Brief History

The first known legally-political formation the Istrian ground was the kingdom of  Histri after whom the peninsula was named, and which was in 178 BC conquered by the Romans. After the Romans, Istria came under the rule of the Goths in 476 AD, and after that the Byzantines (539) and the Franks (788). Under the Franks Istria was incorporated in different administrative formations, and about 1060 it became a margraviate. Its secular and religious rulers became the Patriarchs of Aquileia. Their rule lasted till the year 1420 when the Venetians subjugated most of the peninsula. The central part of  Istria and its northeast remained under the rule of the Habsburgs from 1374 until the downfall  of the Venetian Republic in 1797.
With the arrival of the French, great changes occured, as well in administrative as in the social aspect. From 1813 to 1918 Istria was a part of Austria.
After the First World War, Italy came into power. With the end of the Second World War Istria (except for the city of Muggia that remained in Italy) became Yugoslavian, that is, divided between Croatia and Slovenia. That partitioning was recently confirmed, after the breakdown of Yugoslavia, with the emergence of national countries of Croatia and Slovenia.
There are 348 773 inhabitants living in the area today.

Since the geographical position of Istria enabled the settlement of the peninsula during all past periods, it is difficult to precisely establish ethnic origin of the oldest inhabitants. According to tradition, there was mixing of the influences from the Italic and the Balkan peninsula, and from Panonia and the Central Europe.The first known inhabitants of the Istrian peninsula were the Histri.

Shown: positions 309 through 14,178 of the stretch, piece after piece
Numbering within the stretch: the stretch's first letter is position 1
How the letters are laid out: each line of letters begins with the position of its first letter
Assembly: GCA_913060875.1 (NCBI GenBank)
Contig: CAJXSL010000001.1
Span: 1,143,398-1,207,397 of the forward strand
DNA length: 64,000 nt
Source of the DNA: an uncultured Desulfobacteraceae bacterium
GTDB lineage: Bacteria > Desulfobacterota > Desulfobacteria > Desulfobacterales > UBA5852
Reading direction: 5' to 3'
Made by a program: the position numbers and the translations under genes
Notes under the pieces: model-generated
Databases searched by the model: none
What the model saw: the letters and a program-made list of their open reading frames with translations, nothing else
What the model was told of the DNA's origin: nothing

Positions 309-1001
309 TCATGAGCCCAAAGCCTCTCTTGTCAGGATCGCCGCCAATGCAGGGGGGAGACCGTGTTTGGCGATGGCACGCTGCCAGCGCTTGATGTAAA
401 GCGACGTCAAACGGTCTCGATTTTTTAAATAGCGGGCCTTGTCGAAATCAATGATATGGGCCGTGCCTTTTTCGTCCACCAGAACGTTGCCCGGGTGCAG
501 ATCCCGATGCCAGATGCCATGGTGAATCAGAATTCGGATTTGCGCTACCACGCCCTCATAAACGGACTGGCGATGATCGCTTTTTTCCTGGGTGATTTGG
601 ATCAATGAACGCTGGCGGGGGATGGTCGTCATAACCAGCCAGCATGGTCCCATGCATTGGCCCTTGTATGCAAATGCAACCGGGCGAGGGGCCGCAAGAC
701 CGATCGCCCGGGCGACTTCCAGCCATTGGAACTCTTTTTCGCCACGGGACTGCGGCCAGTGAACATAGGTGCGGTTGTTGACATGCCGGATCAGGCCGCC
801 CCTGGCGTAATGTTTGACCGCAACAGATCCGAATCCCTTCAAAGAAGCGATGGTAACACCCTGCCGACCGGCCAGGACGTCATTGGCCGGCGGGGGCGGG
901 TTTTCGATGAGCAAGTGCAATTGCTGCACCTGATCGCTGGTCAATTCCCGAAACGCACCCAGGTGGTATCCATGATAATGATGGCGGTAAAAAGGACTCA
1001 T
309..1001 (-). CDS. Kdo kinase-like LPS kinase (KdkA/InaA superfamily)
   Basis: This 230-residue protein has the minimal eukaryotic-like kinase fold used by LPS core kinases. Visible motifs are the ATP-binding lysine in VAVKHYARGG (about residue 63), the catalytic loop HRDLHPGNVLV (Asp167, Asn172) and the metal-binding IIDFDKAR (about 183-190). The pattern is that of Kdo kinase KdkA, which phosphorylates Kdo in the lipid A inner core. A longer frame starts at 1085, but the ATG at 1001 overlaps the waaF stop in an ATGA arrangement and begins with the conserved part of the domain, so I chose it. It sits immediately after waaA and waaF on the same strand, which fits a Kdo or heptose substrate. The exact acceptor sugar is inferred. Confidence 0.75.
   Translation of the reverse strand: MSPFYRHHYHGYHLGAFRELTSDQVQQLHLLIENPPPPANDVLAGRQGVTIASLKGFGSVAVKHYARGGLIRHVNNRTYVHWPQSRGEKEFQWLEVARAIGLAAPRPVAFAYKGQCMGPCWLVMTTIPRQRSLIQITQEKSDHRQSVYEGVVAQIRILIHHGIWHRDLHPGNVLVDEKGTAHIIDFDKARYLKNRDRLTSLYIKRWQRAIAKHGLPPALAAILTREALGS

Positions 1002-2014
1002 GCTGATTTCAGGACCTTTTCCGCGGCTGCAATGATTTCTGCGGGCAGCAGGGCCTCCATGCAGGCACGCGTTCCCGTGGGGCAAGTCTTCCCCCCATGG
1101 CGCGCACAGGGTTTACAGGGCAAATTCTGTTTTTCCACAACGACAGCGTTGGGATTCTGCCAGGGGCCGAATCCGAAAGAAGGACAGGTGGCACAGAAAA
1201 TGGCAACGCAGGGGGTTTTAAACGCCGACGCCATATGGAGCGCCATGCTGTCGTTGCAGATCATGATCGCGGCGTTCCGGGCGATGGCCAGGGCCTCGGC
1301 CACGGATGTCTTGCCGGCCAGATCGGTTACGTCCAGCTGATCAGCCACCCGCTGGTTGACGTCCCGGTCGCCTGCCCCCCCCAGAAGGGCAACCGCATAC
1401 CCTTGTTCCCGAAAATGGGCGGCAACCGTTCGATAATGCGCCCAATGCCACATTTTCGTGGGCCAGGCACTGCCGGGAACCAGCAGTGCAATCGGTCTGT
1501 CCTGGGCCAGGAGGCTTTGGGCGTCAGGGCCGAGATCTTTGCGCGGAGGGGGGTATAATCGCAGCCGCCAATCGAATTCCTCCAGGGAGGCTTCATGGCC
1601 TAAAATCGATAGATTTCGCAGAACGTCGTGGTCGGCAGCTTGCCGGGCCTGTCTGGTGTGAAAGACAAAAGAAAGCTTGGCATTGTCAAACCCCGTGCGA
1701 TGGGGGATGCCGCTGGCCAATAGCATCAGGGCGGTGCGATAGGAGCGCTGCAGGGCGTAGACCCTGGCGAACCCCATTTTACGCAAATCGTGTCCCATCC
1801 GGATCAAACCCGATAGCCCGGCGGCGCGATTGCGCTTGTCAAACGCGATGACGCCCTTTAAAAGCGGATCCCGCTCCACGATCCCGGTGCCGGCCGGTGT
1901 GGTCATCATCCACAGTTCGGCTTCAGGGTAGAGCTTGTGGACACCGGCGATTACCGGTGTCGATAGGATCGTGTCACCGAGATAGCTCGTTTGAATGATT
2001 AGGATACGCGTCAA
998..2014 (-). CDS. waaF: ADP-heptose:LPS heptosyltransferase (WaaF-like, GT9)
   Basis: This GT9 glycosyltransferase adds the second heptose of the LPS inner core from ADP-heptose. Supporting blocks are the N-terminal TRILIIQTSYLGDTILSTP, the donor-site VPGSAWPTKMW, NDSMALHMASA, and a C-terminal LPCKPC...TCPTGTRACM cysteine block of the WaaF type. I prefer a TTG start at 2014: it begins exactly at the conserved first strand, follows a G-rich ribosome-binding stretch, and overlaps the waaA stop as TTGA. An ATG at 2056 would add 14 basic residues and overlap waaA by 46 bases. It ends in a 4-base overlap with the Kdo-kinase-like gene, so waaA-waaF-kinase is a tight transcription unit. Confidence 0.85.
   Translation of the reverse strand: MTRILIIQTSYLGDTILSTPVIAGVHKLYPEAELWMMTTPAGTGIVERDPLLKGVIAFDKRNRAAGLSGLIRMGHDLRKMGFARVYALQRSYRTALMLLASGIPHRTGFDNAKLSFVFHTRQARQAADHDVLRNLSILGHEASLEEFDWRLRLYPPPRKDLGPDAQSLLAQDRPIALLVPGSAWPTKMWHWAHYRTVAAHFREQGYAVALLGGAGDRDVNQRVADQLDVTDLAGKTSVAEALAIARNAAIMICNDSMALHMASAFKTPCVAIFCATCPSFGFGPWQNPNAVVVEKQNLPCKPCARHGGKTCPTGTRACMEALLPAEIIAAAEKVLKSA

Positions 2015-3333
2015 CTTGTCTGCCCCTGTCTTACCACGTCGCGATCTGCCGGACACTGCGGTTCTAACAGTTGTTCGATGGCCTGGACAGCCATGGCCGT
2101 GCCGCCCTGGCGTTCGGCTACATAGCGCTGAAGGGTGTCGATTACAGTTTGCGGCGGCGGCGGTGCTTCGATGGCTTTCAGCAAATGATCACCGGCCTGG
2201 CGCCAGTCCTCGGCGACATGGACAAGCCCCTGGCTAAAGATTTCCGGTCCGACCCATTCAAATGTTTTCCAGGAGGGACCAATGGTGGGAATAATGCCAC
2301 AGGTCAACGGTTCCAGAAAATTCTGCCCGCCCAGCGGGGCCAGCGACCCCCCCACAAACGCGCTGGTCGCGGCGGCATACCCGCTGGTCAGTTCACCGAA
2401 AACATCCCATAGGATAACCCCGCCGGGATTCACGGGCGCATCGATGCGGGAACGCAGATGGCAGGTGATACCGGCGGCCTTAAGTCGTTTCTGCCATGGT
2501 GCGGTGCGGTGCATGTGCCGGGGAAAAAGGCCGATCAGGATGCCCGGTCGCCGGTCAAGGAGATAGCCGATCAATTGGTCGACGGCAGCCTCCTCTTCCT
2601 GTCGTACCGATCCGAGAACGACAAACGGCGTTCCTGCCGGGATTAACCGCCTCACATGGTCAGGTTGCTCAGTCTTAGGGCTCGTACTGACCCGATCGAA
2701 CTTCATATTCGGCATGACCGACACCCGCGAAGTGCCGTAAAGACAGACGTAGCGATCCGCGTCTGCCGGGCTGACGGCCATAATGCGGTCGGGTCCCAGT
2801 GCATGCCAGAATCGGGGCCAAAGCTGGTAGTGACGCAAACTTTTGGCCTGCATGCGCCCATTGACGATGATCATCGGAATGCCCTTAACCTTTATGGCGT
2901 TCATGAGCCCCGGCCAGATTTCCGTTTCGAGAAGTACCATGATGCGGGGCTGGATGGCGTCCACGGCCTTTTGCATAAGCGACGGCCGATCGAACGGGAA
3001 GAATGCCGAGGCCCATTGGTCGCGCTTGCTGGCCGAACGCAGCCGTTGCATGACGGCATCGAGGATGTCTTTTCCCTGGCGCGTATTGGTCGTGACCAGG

The Histri lived in hill-forts (gradine, kašteliri,casteileri), settlements surrounded by defensive walls that were mostly built on natural elevations.The walls were built to conform to the surrounding terrain and many of them have been preserved  until the present day. Later, new settlements were built on the basis of these hill-forts, so almost every present Istrian town on the hill is a continuance of Histrian hill-fort.

In 177 BC the Romans defeated the Histri at legendary Nesactium when the Histri comitted collective suicide. After that the Romans levelled to the ground Nesactium and fortresses of Mutila and Faveria.
The Romans first colonized only the coastal towns, while the hinterland still remained Histrian. Romanization of the Histri lasted for several centuries.

Already the first migration of the Slavs to Istria began with the encounter and permanent interaction of the two directions of migration. The first wave of Slav immigrants broke through  to north Istra from the north, to present-day Brkini and Carst edge above Trieste (to the road Tergeste – Tarsatica) about the year 600 AD, while the other wave at approximately the same time came from the east to the area between Lipa and the foothills of Učka. The real spreading of the Slavs with the more permanent settling on Istrian peninsula occured at the end of the 8th century within the Franks’ colonization of waste and deserted land. Confirmation of this kind of settling can be found  in charter of Rižana Council from 804 on which complaints of Istrian Roman indigenous inhabitants on the Slav settlers and Franks power-holders were discussed in front of the representatives of central Franks authorities. It is very likely that in that period, the Slavs inhabited eastern areas in the surroundings of Koper, Buzet and Pazin. Until the 14th century, Šavrinija (Koper/Capodistria region) and Ćićarija were colonized from  the side of Notranjska, Buzet and  northwestern karst side.